Romantic Melancholy. Fendi Couture SS21

Kim Jones‘ big debut at Fendi‘s womenswear hit off with a haute couture show. You might know that I wasn’t his fan at men’s Louis Vuitton, and I’m not overly obsessed with his current Dior menswear venture. So I didn’t expect much from his arrival at Fendi. The spring-summer 2021 couture show is an example of a fashion spectacle, where everything wows the viewer except the actual clothes. First, the literary and artistic sources that shaped Kim’s Fendi line-up started in Charleston Farmhouse, the 16th-century Sussex retreat of the Bloomsbury set located not far from the village of Rodmell, where the designer was partly raised and owns a house. Young Jones would spend school trips exploring the house and learning about Bloomsbury’s bohemian members. Those dreamy stories stayed with him. Second, his Fendi collection showed a demonstration of how Jones expresses himself in form and decoration in womenswear.  Of carving out that silhouette, Jones said he observed “the reality of what women around me are wearing. I have friends that just buy couture clothes, and they don’t buy big ball gowns. They buy real clothes, things that fit their bodies.” Above all, he wants to create work “reactive to the time we’re living in.” And three, enter ‘Orlando’, Virginia Woolf’s time-traveling tale of androgyny and fashion’s favorite lexicon for the study of genderlessness. “’Orlando’ was published in 1928, and Fendi was founded in 1925,” he pointed out. The “journey from Bloomsbury to Borghese” interpreted Vanessa Bell and Duncan Grant’s frescoes of Charleston in hand-beaded prints and the marbles of the Galleria Borghese in painted tailoring, meanwhile dresses evoked the wet drapery of its Bernini sculptures. It all sounds delightful and thorougly considered, but the effect was overcharged, heavy and most of the time, simply unflattering. In the prerecorded show, Jones echoed ‘Orlando’’s themes in a coed cast featuring many of his high-profile friendships: Demi Moore, Kate and Lila Moss, Christy and James Turlington, Adwoa and Kesewa Aboah. The family constellations celebrated Fendi’s values as a matriarchal fashion dynasty, whose class-act custodian, Silvia Venturini Fendi, still serves as artistic director of accessories and menswear. Joining the cast were her daughters, Leonetta Fendi and jewelry designer Delfina Delettrez, whom Jones has now named as creative director of the brand’s jewelry. Delettrez’s supersized murano glass chandelier earrings accompanied each look, and must have been heavily inspired by Romeo Gigli (if this name doesn’t ring a bell, you better Google him!). Tailoring felt more rigidly structured for male anatomy, framed by floor-sweeping capes. At times, forms grew shapeless, like a pink look of highly textured layers topped off with a lace coat webbed from roses or a mound of marbled garments draped over Naomi Campbell (I love Naomi. But this look didn’t serve her at all – she drowned in it!). Jones’s juxtapositions culminated in split-personality dresses hybridized from half an evening gown and half a blazer or shirt. The inspiration was found in the sketches of his predecessor, Karl Lagerfeld, who left 54 years’ worth of archives behind him when he died two years ago. Lagerfeld’s Fendi was epitomized by Roman modernism, a handsome glamour that often found time for quirk. Jones’s approach was romantic (and suffocating) melancholy in contrast. Of course, most ‘major’ debuts go wrong. It’s the beginning of a new chapter at Fendi, and I’m looking forward to see what Jones will bring next to the table.

Collage by Edward Kanarecki.

Statuesque Beauty. Valentino Couture SS21

Pierpaolo Piccioli is (again) the king of haute couture. With his Valentino spring-summer 2021 collection, he proves that the most elaborate and intricately detailed ball gown of his is equally couture as a seamless, sculpture-like cape (“I don’t want to call it that. It’s not a caftan, or a poncho. It’s a shape!”) with not even one sequin or embellishment. This season, the designer floated towards haute minimalism, which was all about lean sharpness and elevated boldness. It was just so, so, so beautiful and inspiring to see. “It’s more about pieces that will give an effortlessness,” Piccioli said. “The narrative of the collection is the collection itself. No stories. Nothing figurative. I wanted to work on surfaces, not in a decorative sense, but workmanship which becomes the surface itself.” Along came garments that (also crassly) might ordinarily be classified as hoodies, sweaters, shirts, board shorts, and camisoles, acting as foils for amazing lattice-worked coats and sculptural capes. “I think elegance is not about ‘good taste’” said Piccioli. “It’s a bit daring.” And along came men, which was a big treat. At Valentino, “it’s for the very first time,” Piccioli shrugged. “But couture is for people. I don’t care about gendered (fashion). It’s an inspiration which is fluid, no-boundaries: a trench coat is for men and women.” And what a trench coat: structured so that the volume of the sleeves somehow continued seamlessly into a generous, chic storm-flap in the back of the coat. Only haute couture experts can pull off that sort of thing. It used to be that every haute couture look was conceived as a sacred kind of unit. Gone are those days. Now Piccioli is more motivated to make a white poplin shirt, which he showed with a long oyster-colored skirt that appeared narrow in the front, yet flared to a train in back in one of the show’s most arresting moments. “It’s a shirt, a fantastic shirt. Of course you can wear it like this, or any other way. And the skirt is timeless.” Piccioli is right: we’re thankfully long past the time when audiences might work themselves into a pearl-clutching froth at the sight of male models wandering an haute couture runway. Far more to the point is keeping the practice of haute couture relevant to the moment we’re living in. As many of haute couture’s old-world conventions drop away, what remains to be valued is the coalition of high craft and social insight. Piccioli spent a long time reflecting on that in the last months. “To me, the essence of couture,” he said, “is the ritual, the process, the care, the humanity. That’s what makes couture timeless, special.” Summing up: meraviglioso!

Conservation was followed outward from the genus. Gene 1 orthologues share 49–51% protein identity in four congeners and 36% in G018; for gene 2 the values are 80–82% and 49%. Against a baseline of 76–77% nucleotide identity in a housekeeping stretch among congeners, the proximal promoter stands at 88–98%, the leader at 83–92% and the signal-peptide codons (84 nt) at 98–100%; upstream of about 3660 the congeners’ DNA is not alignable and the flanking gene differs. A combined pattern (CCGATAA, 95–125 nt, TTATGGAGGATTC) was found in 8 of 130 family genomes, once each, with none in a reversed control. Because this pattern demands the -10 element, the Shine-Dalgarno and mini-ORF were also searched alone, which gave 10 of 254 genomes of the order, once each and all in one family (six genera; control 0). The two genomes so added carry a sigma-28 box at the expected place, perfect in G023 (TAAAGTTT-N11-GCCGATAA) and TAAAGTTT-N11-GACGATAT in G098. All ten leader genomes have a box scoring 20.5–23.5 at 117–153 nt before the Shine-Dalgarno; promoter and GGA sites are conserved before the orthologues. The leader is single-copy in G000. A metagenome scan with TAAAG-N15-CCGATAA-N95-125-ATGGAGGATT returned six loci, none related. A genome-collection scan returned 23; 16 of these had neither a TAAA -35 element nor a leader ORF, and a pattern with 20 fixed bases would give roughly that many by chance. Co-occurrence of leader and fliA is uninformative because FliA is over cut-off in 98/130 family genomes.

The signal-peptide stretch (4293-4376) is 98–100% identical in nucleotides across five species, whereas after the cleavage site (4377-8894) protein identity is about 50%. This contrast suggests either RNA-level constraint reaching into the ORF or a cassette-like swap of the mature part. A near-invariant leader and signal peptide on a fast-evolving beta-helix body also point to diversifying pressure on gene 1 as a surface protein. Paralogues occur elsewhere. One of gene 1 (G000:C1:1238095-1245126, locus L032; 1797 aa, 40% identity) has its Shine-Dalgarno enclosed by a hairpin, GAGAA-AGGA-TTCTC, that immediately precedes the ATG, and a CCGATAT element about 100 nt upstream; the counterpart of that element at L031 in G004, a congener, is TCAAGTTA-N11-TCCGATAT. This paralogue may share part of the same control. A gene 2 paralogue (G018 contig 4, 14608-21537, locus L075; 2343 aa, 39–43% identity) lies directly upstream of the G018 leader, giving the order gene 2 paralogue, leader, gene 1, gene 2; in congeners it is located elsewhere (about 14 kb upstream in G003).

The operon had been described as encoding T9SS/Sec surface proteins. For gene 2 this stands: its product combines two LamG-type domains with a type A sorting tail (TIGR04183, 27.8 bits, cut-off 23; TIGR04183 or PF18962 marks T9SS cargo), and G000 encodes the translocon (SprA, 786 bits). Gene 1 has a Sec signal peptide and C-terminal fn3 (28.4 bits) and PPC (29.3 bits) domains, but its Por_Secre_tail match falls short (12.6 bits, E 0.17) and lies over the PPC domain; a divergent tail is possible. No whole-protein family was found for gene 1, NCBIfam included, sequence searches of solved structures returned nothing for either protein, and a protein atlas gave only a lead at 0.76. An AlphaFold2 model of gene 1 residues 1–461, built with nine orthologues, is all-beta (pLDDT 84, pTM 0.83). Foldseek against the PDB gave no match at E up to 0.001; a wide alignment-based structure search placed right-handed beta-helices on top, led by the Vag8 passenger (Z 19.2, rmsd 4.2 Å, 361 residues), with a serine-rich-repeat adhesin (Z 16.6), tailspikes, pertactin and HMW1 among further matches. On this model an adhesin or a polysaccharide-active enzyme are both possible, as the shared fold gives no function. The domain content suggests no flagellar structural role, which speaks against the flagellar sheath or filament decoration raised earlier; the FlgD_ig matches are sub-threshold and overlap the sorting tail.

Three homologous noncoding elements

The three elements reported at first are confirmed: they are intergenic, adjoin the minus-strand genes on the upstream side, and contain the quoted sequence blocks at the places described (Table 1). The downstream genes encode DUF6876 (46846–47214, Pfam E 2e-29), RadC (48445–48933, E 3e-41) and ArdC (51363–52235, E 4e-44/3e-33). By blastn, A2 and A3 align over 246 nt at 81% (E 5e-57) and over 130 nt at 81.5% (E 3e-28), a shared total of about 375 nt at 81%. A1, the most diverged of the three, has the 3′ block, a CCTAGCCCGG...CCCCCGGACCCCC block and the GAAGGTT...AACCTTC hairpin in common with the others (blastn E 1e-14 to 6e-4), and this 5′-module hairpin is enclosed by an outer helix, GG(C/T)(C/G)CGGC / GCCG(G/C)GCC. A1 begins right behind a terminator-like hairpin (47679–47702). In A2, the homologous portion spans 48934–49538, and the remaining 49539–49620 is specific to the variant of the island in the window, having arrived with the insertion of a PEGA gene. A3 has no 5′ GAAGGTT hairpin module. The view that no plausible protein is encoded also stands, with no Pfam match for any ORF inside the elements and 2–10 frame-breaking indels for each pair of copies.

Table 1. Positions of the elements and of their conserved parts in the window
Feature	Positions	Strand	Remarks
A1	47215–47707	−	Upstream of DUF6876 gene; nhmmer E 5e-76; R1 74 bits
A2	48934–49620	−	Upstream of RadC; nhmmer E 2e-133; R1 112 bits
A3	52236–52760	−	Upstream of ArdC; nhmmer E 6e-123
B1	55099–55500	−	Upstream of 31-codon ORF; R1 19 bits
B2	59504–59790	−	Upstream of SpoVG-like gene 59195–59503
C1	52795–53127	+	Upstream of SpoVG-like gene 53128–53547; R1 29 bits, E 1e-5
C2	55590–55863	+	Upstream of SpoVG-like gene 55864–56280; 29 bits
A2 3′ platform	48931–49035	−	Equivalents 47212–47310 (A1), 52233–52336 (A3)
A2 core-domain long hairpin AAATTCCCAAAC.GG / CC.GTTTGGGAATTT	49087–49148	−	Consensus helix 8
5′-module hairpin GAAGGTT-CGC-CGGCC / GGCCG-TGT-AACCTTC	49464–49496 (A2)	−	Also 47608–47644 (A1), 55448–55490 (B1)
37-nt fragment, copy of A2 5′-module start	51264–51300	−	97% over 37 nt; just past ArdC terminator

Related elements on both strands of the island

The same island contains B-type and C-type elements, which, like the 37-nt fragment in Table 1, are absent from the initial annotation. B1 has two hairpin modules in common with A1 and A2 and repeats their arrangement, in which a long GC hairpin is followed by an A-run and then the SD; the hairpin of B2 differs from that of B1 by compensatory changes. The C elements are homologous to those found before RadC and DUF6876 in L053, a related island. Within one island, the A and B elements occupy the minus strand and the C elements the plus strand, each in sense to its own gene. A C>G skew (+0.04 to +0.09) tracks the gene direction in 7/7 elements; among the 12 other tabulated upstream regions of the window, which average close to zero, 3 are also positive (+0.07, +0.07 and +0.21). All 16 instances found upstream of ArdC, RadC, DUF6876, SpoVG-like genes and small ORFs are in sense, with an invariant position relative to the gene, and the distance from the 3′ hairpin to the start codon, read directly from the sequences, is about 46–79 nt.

“Live” collage by Edward Kanarecki.

Back to Care-Free Days. Chanel Couture SS21